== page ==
ANKARA (Reuters) - Escalating political tensions in Turkey over a court case to close the ruling AK Party for alleged Islamist activities have created shockwaves in the financial markets and now threaten economic stability.
Analysts fear Turkey’s top court may take months to decide the case and that estimates of key economic indicators, ranging from current account deficit to interest rates, will have to be revised as the political environment deteriorates.
Increased political uncertainty will directly influence both foreign direct investment and domestic investment negatively and dent economic growth rates, they say.
Turkey’s Constitutional Court agreed last month to hear a case brought by a chief prosecutor seeking to close the Islamist-rooted AK Party and ban 71 party officials, including Prime Minister Tayyip Erdogan, from politics for five years.
The AK Party — which came to power in 2002 and won a resounding re-election last July — denies any Islamist activities and says it will fight the case in court. The party says the charges are politically motivated.
Analysts fear the case will bring key reforms to a halt.
“If it becomes clear that political uncertainty will drag into the end of the year, we will cut our growth projection to a range of 3-4 percent,” said Garanti Bank’s chief economist Pelin Yenigun Dilek. The bank has been projecting 4 percent growth.
The official growth target for 2008 is 5.5 percent, after a 4.5 percent growth in 2007, already bringing to a halt growth rates of 6.8 percent since 2002 on average.
Business leaders warn that growth rates below 5 percent mean recession for Turkey, a relatively poor country with a fast-growing young population.
The lira currency is now five percent weaker at 1.2840 against the dollar versus its level before the closure case was announced.
A weaker lira will stoke inflation — already running at 9.1 percent in February compared with the central bank’s 2008 target of 4 percent — make imports more expensive, worsen terms of trade. This could force the central bank to tighten monetary policy, which would hurt economic growth as a result.
“A weaker lira is a reason for the central bank to show more prudence (not be so quick to cut rates). Inflation risk can rise relatively quickly depending on the pace of pass-through from foreign exchange to inflation,” UBS EMEA strategist Roderick Ngotho said.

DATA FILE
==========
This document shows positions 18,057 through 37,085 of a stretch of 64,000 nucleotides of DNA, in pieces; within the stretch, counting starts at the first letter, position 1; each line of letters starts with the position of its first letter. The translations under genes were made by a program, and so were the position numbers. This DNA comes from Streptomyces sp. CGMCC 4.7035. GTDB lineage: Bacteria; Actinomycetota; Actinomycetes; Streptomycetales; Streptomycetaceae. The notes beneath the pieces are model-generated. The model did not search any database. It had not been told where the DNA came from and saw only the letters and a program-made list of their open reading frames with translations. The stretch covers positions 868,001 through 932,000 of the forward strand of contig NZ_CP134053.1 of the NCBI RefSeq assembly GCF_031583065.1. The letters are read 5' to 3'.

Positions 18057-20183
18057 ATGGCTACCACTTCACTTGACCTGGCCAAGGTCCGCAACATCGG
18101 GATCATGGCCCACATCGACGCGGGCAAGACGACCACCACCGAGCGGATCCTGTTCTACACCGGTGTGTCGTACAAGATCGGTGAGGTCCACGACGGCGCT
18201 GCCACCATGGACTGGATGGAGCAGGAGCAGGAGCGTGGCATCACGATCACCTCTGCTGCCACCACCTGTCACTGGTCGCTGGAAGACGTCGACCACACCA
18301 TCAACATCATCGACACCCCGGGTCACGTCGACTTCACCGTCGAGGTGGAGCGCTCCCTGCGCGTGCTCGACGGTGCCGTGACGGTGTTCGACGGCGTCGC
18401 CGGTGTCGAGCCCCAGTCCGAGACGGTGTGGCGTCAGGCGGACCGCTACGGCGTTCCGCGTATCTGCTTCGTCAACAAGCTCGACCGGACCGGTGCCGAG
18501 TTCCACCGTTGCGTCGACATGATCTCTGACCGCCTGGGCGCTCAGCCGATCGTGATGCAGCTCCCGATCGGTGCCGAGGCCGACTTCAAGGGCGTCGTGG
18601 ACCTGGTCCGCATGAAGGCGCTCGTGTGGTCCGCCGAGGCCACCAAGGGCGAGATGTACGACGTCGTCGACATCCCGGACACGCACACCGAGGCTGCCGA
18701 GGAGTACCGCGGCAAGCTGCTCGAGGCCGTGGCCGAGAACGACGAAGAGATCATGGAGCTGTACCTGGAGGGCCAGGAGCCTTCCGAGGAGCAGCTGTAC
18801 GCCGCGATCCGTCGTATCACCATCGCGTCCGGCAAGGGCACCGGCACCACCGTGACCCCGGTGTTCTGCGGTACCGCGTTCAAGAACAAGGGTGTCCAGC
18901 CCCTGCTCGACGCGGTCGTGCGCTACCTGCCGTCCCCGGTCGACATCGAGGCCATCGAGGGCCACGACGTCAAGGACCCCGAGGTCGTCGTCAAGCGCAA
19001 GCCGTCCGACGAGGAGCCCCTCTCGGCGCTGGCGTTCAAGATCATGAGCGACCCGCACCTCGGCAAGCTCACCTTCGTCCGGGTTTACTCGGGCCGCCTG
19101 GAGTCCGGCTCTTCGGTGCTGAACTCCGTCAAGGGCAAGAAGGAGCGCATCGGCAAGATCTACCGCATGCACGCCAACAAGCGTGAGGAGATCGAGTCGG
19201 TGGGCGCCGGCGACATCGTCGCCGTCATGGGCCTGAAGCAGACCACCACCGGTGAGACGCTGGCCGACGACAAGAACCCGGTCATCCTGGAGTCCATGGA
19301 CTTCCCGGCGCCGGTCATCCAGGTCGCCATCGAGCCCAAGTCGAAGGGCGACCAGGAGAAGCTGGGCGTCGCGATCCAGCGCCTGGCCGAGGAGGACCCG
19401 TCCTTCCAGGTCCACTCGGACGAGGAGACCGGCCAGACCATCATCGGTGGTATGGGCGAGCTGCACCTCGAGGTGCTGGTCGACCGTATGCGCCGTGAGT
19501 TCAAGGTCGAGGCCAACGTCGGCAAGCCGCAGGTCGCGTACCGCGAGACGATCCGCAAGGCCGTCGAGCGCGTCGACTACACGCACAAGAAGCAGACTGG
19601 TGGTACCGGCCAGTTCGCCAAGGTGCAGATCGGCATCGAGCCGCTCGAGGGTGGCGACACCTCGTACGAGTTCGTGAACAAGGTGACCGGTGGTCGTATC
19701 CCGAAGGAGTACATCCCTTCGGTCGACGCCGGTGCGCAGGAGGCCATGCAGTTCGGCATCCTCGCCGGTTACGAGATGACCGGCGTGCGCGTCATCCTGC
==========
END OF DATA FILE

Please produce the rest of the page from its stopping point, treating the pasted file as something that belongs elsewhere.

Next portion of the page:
Some analysts said the Turkish Central Bank would first resort to liquidity management tools, intervention in the foreign exchange market before raising interest rates to cool down financial markets if the political climate worsens.
“There is not much room in interest rates to go up and our rates are already very high compared to other countries. We do not expect the Central Bank to raise interest rates as long as the shock waves are not too strong,” said Dilek.
Turkey’s benchmark borrowing rate is 15.25 percent, higher than fellow emerging market South Africa’s key repo rate at 11 percent and Poland’s benchmark rate at 5.75 percent.
But other analysts say the political uncertainty may push the lira much weaker and force the central bank to tighten monetary policy dramatically to stabilise the currency as was the case in mid-2006.
Traders said they viewed 1.40 as a next level for the lira if the political climate worsens.
“The lira can easily soften to 1.4 against the dollar if no solution comes out of this closure case. It will be seen as a serious political risk outside and even 1.5 may not be an abnormal level if you assume a very bad scenario,” said Ahmet Arslan, a forex dealer in Oyakbank.
The financial markets have in the past tended to let Turkey-specific risks fade quite quickly, and even now the lira has strengthened a bit since its lows despite the news of the Constitutional Court accepting the case against the AK Party.
“The risk is that the market gets caught out if things in Turkey worsen quickly...which in turn would imply that the lira could weaken much further, quite quickly,” said UBS’s Ngotho.
Foreign investors have seen Turkey as a success story due to its strong recovery from a financial crisis in 2001 and prospects of the European Union membership but now the story is at risk.
“The sentiment has gradually changed since last year’s political trouble and the optimists are clearly harder to find,” said Danske Bank senior analyst Lars Christensen.
Turkey was rattled by a row over the presidential election last year, which was resolved by a fresh parliamentary election.
“Most corporate investors remain positive about Turkey’s long term perspectives, but portfolio investors are much more nervous because of the global credit situation and the significantly increased political worries,” Christensen said.
Turkey’s large current account deficit is another key indicator that will be affected by political uncertainty.
“Turkey has made great progress on public finances and banking sector since the crisis in 2001 but its reliance on foreign financing has risen and it is certain that we will have a correction in current account deficit if the scenario worsens,” Garanti Bank’s Dilek said.
The current account deficit, a major weak spot of Turkey’s economy, jumped 28 percent year-on-year to $3.93 billion in January, after topping $38 billion last year.
But Turkish savers traditionally keep some of their savings in foreign exchange to shield themselves from sharp shifts in lira rates.
Now at around $105 billion, savers’ foreign exchange holdings provide a safety valve for sharp changes in lira rates and current account deficit, analysts said.
Editing by Ron Askew